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What Happens When an Egr Valve Goes Bad?

Updated February 21, 2017

EGR stands for Exhaust Gas Recirculation. This type of valve is commonly found on any model gasoline or diesel vehicle produced since 1984. It functions to reduce the levels of nitrogen oxide a vehicle puts into the atmosphere. Nitrogen oxide is a compound that is the chief component in acid raid and smog; it is both a carcinogen and known to cause many severe respiratory disorders in human beings. The EGR valve funnels a portion of the engine’s exhaust back into the engine’s combustion cylinders. This second combustion breaks up the nitrogen oxide into its components of nitrogen and oxygen, both harmless elements. It also increases fuel efficiency by generating higher cylinder compression without using more fuel.

What Happens When It Goes Bad?

An EGR valve that goes bad in the open position will result in a vacuum leak. Too much exhaust is being poured back into the combustion cylinders, meaning that there is not enough oxygen for clean combustion. Outwardly this will mean for very rough idling, hesitation during acceleration and engine stalling. If the EGR valve goes bad and gets stuck in the closed position, it will not be able to funnel nitrogen oxide back into the cylinders. This means that nitrogen oxide emissions in the exhaust will rise, and the fuel/air mixture in the combustion cylinders will be too rich. This causes “spark knock,” where the fuel combusts before the optimum moment in the engine’s combustion cycle, throwing off the engine timing.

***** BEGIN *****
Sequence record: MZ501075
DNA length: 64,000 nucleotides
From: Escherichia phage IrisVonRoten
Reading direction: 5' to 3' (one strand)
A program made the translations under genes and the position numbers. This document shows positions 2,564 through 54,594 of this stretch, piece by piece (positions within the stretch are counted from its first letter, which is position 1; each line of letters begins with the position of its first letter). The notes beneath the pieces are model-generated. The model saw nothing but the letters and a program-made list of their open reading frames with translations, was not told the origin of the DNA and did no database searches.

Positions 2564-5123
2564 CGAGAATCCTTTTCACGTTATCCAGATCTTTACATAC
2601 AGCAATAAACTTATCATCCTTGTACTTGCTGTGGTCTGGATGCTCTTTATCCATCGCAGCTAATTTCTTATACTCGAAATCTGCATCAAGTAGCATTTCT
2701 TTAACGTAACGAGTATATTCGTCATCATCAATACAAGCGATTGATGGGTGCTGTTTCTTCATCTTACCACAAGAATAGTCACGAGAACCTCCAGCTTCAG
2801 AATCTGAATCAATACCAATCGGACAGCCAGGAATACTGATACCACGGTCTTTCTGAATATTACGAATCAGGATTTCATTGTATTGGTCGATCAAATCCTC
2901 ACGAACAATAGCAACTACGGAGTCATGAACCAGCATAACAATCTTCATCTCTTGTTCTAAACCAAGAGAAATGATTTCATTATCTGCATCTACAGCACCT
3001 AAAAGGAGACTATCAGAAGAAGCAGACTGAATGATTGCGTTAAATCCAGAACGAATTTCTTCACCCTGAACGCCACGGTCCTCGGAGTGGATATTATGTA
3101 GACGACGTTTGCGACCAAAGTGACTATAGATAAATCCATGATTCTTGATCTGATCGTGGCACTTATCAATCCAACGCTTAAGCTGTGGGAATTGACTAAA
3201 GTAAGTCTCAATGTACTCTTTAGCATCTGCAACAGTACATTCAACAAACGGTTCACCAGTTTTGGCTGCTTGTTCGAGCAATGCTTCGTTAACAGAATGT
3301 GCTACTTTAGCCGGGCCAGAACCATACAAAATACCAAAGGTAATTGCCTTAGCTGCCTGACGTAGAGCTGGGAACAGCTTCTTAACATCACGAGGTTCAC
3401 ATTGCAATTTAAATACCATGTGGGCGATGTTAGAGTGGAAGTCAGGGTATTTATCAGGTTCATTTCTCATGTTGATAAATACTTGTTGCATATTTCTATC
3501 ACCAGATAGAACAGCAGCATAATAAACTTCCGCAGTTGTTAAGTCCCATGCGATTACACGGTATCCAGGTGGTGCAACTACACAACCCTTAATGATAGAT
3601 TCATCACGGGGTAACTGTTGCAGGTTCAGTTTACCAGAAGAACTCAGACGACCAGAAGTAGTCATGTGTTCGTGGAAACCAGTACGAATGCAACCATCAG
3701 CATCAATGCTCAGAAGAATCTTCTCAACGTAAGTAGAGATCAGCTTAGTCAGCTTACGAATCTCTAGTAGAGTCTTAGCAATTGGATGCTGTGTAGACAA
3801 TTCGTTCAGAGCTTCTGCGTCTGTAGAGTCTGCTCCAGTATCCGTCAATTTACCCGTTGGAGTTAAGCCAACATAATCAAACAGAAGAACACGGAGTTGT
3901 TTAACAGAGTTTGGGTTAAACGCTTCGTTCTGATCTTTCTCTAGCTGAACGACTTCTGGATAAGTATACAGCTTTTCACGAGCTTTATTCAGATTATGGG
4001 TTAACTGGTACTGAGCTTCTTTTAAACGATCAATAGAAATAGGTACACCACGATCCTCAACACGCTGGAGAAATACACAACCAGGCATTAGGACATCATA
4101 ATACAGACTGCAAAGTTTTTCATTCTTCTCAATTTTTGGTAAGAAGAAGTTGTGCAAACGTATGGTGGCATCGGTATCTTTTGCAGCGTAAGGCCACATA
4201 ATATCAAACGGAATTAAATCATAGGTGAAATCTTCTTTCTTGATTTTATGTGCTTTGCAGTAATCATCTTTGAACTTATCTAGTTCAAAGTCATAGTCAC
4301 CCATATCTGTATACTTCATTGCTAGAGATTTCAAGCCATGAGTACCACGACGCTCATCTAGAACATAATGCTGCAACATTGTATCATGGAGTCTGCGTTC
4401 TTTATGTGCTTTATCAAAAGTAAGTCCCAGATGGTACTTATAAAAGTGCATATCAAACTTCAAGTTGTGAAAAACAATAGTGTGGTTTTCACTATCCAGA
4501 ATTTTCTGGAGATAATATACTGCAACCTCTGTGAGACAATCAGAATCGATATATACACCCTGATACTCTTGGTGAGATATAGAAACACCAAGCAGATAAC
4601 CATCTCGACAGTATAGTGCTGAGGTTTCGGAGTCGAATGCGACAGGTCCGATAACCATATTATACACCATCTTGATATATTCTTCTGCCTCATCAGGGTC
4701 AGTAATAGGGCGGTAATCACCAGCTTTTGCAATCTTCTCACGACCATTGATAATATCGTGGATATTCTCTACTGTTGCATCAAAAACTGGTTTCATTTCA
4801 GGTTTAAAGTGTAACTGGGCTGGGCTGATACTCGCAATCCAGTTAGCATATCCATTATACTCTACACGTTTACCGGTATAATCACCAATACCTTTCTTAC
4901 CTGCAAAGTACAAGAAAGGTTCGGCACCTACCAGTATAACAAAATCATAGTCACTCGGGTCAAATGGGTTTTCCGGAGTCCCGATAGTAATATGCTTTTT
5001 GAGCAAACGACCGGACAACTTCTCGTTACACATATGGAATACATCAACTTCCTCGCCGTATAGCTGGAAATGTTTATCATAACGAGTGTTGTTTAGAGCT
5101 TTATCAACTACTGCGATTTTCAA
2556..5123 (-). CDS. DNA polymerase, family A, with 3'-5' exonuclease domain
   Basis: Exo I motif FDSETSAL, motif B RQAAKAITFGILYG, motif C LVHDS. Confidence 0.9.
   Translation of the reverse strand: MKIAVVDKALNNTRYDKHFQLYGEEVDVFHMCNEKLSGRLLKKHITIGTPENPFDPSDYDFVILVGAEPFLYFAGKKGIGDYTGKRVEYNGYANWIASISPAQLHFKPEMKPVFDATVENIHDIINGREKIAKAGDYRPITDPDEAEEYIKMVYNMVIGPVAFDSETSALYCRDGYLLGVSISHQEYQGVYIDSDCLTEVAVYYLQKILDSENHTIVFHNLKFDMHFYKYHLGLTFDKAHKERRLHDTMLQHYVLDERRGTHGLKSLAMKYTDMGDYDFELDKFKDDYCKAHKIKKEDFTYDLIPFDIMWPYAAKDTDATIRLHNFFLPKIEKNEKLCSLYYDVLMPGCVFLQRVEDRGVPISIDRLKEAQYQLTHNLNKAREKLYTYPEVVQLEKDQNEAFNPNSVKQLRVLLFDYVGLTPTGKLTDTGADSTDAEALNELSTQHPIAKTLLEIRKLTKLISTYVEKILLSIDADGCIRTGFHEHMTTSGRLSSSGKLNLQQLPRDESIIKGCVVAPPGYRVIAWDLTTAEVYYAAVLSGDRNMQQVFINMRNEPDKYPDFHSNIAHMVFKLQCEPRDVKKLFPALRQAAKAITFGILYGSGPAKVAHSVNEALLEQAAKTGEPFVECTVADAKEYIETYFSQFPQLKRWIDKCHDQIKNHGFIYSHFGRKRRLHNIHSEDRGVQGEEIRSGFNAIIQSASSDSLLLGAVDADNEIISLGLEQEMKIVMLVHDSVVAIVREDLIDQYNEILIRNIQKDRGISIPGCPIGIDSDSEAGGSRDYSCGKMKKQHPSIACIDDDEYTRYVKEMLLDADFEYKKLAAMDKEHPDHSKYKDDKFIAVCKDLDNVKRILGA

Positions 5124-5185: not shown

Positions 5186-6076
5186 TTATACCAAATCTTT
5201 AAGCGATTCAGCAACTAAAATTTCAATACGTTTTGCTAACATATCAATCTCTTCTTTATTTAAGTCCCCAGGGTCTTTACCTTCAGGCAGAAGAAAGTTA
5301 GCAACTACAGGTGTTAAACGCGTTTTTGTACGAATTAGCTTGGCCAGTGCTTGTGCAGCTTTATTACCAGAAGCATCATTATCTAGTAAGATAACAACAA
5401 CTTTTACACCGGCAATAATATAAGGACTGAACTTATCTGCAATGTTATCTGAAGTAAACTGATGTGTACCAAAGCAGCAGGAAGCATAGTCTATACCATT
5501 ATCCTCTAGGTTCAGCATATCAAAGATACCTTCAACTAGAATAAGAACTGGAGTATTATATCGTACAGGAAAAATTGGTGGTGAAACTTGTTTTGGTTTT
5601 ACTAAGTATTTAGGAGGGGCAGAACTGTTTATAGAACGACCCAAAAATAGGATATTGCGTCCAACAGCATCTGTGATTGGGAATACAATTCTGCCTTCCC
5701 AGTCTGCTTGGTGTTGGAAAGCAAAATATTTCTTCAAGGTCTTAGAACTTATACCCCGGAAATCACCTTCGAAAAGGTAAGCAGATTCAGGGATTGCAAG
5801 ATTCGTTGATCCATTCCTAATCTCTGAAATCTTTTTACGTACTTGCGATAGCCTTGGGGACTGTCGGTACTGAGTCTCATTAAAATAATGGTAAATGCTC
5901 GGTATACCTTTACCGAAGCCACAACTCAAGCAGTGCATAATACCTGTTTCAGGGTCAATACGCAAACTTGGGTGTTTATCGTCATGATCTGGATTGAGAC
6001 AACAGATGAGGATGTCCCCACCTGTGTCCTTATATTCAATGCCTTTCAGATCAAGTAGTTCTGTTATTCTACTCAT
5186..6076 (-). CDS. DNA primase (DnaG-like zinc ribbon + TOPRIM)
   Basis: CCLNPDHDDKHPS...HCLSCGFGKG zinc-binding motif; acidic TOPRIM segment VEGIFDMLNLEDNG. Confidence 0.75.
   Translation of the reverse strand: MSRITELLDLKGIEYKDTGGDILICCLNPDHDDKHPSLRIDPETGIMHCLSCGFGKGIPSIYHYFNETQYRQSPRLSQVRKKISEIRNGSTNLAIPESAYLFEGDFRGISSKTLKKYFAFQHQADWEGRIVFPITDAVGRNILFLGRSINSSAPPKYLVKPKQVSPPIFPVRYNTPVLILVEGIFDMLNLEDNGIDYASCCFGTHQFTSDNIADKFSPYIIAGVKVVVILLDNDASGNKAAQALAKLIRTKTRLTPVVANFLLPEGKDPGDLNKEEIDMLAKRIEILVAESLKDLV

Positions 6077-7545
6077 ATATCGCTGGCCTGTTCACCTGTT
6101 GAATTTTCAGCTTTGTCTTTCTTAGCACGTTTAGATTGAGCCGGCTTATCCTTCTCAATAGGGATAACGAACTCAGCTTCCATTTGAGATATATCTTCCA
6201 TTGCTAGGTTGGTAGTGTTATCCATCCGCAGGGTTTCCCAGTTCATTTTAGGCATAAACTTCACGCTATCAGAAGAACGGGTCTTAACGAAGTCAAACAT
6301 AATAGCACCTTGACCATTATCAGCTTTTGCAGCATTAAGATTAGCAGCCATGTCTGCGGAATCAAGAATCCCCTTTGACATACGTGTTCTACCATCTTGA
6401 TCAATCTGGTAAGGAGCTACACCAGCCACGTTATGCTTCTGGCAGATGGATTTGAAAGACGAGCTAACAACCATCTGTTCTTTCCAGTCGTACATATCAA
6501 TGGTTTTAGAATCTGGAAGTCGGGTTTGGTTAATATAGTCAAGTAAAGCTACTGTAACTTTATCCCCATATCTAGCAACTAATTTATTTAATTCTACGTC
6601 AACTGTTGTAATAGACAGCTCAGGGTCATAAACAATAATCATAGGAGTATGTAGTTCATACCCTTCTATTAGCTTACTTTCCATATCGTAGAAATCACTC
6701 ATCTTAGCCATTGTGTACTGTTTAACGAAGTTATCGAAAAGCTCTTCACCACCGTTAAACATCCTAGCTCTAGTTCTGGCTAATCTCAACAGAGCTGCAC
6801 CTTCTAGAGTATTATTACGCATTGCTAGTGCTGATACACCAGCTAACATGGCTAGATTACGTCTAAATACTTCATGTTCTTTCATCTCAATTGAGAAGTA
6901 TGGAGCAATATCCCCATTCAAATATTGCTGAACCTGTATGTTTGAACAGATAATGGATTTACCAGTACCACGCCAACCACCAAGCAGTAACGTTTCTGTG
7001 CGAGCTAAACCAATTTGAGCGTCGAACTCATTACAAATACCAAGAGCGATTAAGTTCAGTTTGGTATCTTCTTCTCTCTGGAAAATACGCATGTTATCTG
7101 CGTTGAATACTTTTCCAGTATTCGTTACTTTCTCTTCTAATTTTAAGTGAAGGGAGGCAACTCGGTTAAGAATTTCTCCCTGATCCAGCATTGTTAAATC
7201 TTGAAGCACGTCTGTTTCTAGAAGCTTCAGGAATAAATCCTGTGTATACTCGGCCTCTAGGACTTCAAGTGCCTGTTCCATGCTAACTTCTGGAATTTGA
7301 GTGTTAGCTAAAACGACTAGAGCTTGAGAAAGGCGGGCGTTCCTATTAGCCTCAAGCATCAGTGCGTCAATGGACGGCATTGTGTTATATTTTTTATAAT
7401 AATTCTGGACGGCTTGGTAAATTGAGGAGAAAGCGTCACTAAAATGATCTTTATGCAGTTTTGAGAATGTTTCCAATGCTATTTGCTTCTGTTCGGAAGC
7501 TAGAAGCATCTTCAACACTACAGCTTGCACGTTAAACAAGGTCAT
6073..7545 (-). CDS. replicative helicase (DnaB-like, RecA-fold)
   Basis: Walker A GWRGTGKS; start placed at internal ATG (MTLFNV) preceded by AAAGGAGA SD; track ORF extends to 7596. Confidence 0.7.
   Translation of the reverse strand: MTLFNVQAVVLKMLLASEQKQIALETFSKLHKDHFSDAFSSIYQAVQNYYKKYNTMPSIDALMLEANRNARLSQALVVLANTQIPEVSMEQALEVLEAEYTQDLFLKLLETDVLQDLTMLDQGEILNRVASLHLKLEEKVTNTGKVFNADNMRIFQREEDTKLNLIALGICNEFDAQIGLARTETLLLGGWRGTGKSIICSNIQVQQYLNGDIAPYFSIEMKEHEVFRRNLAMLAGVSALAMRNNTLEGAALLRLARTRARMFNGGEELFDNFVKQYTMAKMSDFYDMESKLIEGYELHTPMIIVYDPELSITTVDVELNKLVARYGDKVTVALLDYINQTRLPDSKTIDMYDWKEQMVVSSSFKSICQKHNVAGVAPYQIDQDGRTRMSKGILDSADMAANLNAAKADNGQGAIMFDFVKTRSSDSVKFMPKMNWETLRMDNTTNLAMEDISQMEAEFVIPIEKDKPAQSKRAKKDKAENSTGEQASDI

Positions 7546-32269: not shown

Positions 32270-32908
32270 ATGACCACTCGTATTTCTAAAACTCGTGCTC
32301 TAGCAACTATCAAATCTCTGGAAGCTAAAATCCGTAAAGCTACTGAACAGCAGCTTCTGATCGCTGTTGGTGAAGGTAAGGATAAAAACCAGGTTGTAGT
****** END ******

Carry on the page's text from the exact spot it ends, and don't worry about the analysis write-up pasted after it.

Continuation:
Repair

Leaving the EGR unrepaired will not result in serious damage to a vehicle, although it will increase the rate of wearing in the combustion cylinders and piston heads. Mechanically operated EGR valves can often be removed and cleaned, as the problem is often just a clog somewhere in the valve-head. In the case of electronically controlled EGR valves, clogs are not an issue, meaning replacement is necessary. Most EGR valves are on top of the engine’s inlet manifold and are marked with a large upper case “P” to indicate the back-pressure portion of the valve. Use a ratchet set to remove the bolts and disconnect the valve’s leads from the Powertrain Control Module (PCM). Another EGR is fitted into place and installed in reverse order.

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About the Author

John Albers has been a freelance writer since 2007. He's successfully published articles in the "American Psychological Association Journal" and online at Garden Guides, Title Goes Here, Mindflights Magazine and many others. He's currently expanding into creative writing and quickly gaining ground. John holds dual Bachelor of Arts degrees from the University of Central Florida in English literature and psychology.